Getting started in real estate is easy. Sign up with the licensing program in your city and in a few months you become a freshly minted real estate agent. The further along you are in the required courses the more you think about the day you get your license and about what happens next. And even though the courses prepare you to tackle the necessary paperwork, teach you about the legislative foundation of a real estate transaction at a surface level and give you information about how zoning works, they tell you nothing about how to get listings, how to negotiate contracts or how to run this business. This is what you are getting yourself into, a business. An intricate, demanding and a very competitive business. A business where the winners take all the spoils, those trailing directly behind them, enjoy some crumbs from the table and everyone else gets nothing. What I mean by nothing is this: based on the information published by the National Association of Realtors, at least 50% of licensed real estate agent population gets nothing. No sellers, no buyers, no transactions, no commission checks.
Remember, this is a direct sales business - the clients don’t come to you, as they would in a retail store, you have to go out and find them. And your pre-licensing excitement quickly turns into: how do I get the clients, how do I promote my services and how do I structure my day to be efficient.
Real estate licence courses are a hard requirement and there is no getting around that. What else can you do to survive in the beginning and become successful in the long run? One of the well known and established real estate coaches Tom Ferry, claims that, 87% of real estate agents fail. Why? Not because they crumble under the pressure of the money coming in. They can’t make any money in the business.
I have been licensed for four and a half years and know from personal experience that licensing courses don’t address crucial questions of how to look for business or how to sign new clients. I will offer you a few ideas to consider, so you can improve your chances of ending up in the 13% of the agents that remain in the business.
Number one: get a coach. A coach will not help you identifying differences between the rafters and the purlins. This is what you learn in your licensing classes. A coach will teach you how to conceptualize the process of selling real estate as a business, how to organize your day into productive time units and how to look for and close for business. A coach will keep you accountable to the goals you set, will teach you how to set those goals and will show you how to stay afloat in this business in the first year.
Number two: get role playing partners. That’s plural, partners. Introduce yourself to people in your classes. They are starting out just like you. Take their phone numbers and suggest that you role play together. Once you put the role playing time on the calendar with at least one partner, the rest is easy. Register on Mike Ferry’s website (https://www.mikeferry.com/), download the scripts and start roleplaying. The more role playing hours you put in before your start date, the more prepared you will be for productivity. One of the biggest fears of a starting agent is the fear of a cold call. To overcome it you need to practice. The more you do it, the warmer those calls will feel. That’s a promise.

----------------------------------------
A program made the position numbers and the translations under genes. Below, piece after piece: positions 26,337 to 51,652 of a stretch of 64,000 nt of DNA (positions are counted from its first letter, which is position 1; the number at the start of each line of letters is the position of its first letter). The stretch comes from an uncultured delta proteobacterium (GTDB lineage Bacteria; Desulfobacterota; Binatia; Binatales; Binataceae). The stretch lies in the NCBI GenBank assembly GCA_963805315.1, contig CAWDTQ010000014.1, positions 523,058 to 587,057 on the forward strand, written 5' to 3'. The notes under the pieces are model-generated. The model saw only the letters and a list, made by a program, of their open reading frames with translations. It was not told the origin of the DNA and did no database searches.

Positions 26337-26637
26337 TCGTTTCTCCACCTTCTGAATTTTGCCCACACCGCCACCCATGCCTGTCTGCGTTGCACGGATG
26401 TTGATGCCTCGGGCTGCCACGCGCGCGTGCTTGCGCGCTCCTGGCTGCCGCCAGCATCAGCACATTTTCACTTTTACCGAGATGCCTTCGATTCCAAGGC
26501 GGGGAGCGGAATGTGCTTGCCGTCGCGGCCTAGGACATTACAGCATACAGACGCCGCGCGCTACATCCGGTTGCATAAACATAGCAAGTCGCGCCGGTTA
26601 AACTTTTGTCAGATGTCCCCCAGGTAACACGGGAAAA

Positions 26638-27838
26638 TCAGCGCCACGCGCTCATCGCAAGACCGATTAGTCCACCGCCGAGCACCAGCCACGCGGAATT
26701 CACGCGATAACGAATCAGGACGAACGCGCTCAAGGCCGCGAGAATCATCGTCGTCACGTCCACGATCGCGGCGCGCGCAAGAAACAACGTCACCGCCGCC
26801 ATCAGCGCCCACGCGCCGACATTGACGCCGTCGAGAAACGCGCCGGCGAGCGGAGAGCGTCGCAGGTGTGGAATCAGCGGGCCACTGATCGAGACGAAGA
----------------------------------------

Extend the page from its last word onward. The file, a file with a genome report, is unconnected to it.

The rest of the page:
Number three: get an accountability partner. It is someone who will kick your ass if you get off schedule or if you are underperforming, while trying to achieve your daily, monthly or quarterly goals. You don’t need to get someone who will physically beat your ass. Money is a good motivator. Assign a dollar value to each miss you may have and establish an honour system, where you would share your misses with your accountability partner and will give her money every time you falter on executing your business related commitments. This works well for many people. It worked for me.
Number four: use free resources on YouTube. Many reputable coaches are putting their teaching material on YouTube - I personally would recommend starting with Mike Ferry. There is a lot of information and if you start studying what these coaches are saying, a few months before you get your license, it will jump-start the process of you becoming productive, getting clients and getting paid.
Number five: create a simple numbers tracking system. Like a professional baseball player needs to know his batting averages, you need to know the statistics of your sales funnel. How many conversations does it take for you to set an appointment, how many appointments cancel or don’t qualify? Once you start going to appointments, how many appointments convert to contracts signed? At least that is a start. You can and will be a lot more elaborate with tracking your numbers later on, but in the beginning these simple performance metrics will suffice.
A few words about goal setting in real estate. Simple. Set them. Specifically set 2 types of goals - short term and long term. Always have a long game plan that extends 3 to 5 years into the future and if you are feeling courageous go for a 25 year plan, as recommended by Dan Sullivan. The long term plan will be your guide, taking you through making hundreds of small decisions every day, every week and every month, so that you can accumulate results in a way that brings you closer to the long term objectives. The short term plan will ensure that you can survive every week, every month and every quarter.
Have patience, stay positive and always get up when you fall. Invest into internalizing and implementing ideas from the short list I gave you, focus on what you need to do today and you will see that this business will start rewarding you intellectually, socially and financially within a surprisingly short timeframe.